So far, 185 conditional dispensary licenses have been provisionally awarded. In total, Illinois plans to distribute 500 licenses through a lottery process designed to benefit applicants from minority communities, women and veterans.
In addition to dispensary licenses, the Pritzker administration has issued 79 craft cultivation, brewing and transport licenses through the state Ministry of Agriculture. Of those winners, 83% qualified as social equity contenders and 67% identified themselves as non-white, according to Hutchinson’s office.
Charlie Bachtell, CEO of Chicago-based Cresco Labs and president of the National Cannabis Roundtable which advocates for legalization, keeps track of delays and stumbles over the “growing pains” of a new industry.
“When you do it for the first time, you will make mistakes and mistakes,” he said. “We’ve seen it in states that started with medical cannabis. These are lessons learned for future states trying to address social equity.
Cresco has a lot at stake with 10 dispensaries opened in Illinois. And while Bachtell acknowledges that Illinois licensing delay in licensing is “dampening growth,” he said he has a long-term view of what this means for the economy. state cannabis.
“There is a bigger benefit to the industry if Illinois does it successfully then my need to open more doors tomorrow,” he said. “I hope it will be as quick as they can get it, but I am realistic and I know it will take time.”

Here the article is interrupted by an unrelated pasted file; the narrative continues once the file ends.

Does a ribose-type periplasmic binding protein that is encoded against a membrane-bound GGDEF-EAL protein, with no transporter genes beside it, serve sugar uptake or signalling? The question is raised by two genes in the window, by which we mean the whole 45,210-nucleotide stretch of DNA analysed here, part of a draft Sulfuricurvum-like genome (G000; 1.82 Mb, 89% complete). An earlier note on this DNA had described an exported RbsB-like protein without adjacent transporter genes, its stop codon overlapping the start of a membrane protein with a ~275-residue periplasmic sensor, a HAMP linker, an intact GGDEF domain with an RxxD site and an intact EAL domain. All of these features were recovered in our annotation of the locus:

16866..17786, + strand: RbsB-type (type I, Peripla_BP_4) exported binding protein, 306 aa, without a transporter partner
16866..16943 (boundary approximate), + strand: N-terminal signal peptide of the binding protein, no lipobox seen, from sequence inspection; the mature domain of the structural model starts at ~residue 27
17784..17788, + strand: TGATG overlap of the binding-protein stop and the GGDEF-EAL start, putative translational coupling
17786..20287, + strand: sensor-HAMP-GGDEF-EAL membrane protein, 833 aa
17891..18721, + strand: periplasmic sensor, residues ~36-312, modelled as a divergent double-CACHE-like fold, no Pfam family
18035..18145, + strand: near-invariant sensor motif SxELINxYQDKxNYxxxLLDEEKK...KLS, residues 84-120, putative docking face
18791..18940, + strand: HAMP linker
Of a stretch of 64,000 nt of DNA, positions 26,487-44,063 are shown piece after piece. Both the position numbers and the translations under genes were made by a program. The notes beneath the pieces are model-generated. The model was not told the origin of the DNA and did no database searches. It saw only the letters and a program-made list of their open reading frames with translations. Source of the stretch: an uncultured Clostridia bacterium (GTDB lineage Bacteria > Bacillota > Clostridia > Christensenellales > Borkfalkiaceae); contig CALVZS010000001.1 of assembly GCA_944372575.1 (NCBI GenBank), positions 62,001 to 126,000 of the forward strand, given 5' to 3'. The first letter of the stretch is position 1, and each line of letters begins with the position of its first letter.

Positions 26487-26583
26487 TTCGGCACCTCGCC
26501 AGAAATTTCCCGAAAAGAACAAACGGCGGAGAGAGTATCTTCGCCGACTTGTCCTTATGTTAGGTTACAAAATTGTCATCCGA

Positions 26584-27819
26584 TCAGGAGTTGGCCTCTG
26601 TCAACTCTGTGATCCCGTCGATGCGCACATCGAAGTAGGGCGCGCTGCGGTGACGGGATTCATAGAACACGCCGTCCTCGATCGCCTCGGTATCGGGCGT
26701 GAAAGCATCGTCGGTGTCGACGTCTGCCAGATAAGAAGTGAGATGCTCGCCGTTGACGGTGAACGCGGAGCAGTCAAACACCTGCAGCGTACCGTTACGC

At least some lottery winners understand why the process is slow, although that doesn’t make the wait for a dispensary license any easier – or cheaper.
“I’m more comfortable with where the process is going,” said Akele Parnell, who is one of the provisional recipients of the dispensary and craft culture licenses. “But the longer we wait to fight on legal issues, the more we expect diversity in the industry.”
Parnell is an African-American lawyer who previously worked for cannabis company Green Thumb Industries before going on his own. His challenge now is to find funding, find a location, and find employees as the legal battles wind down so that the licenses can officially roll out. One case could be resolved next week, but there are still half a dozen more in court.
The Illinois Department of Financial and Professional Regulation is ready to issue conditional licenses now but is waiting for the courts to give the green light, according to Hutchinson’s office.
Not everyone could wait. Some interim licensees are already looking to sell controlling stakes in their cannabis companies to larger organizations, wondering if the industry will ever be as diverse as Illinois wants it to be.
Hendon is one of those looking for investors. “It was a two-year delay. People have rent and mortgages to pay and you still have to raise capital to get [a dispensary] of the ground. These are not people who are determined to make money.
It’s capitalism, said Hutchinson, Pritzker’s advisor, highlighting the way deals are done in the business world.
“A lot of blacks and browns weren’t on golf courses trying to figure out how to get into the cannabis industry,” she said. “Now you have a bunch of entrepreneurs who are in these spaces and they have every right to navigate as they see fit.”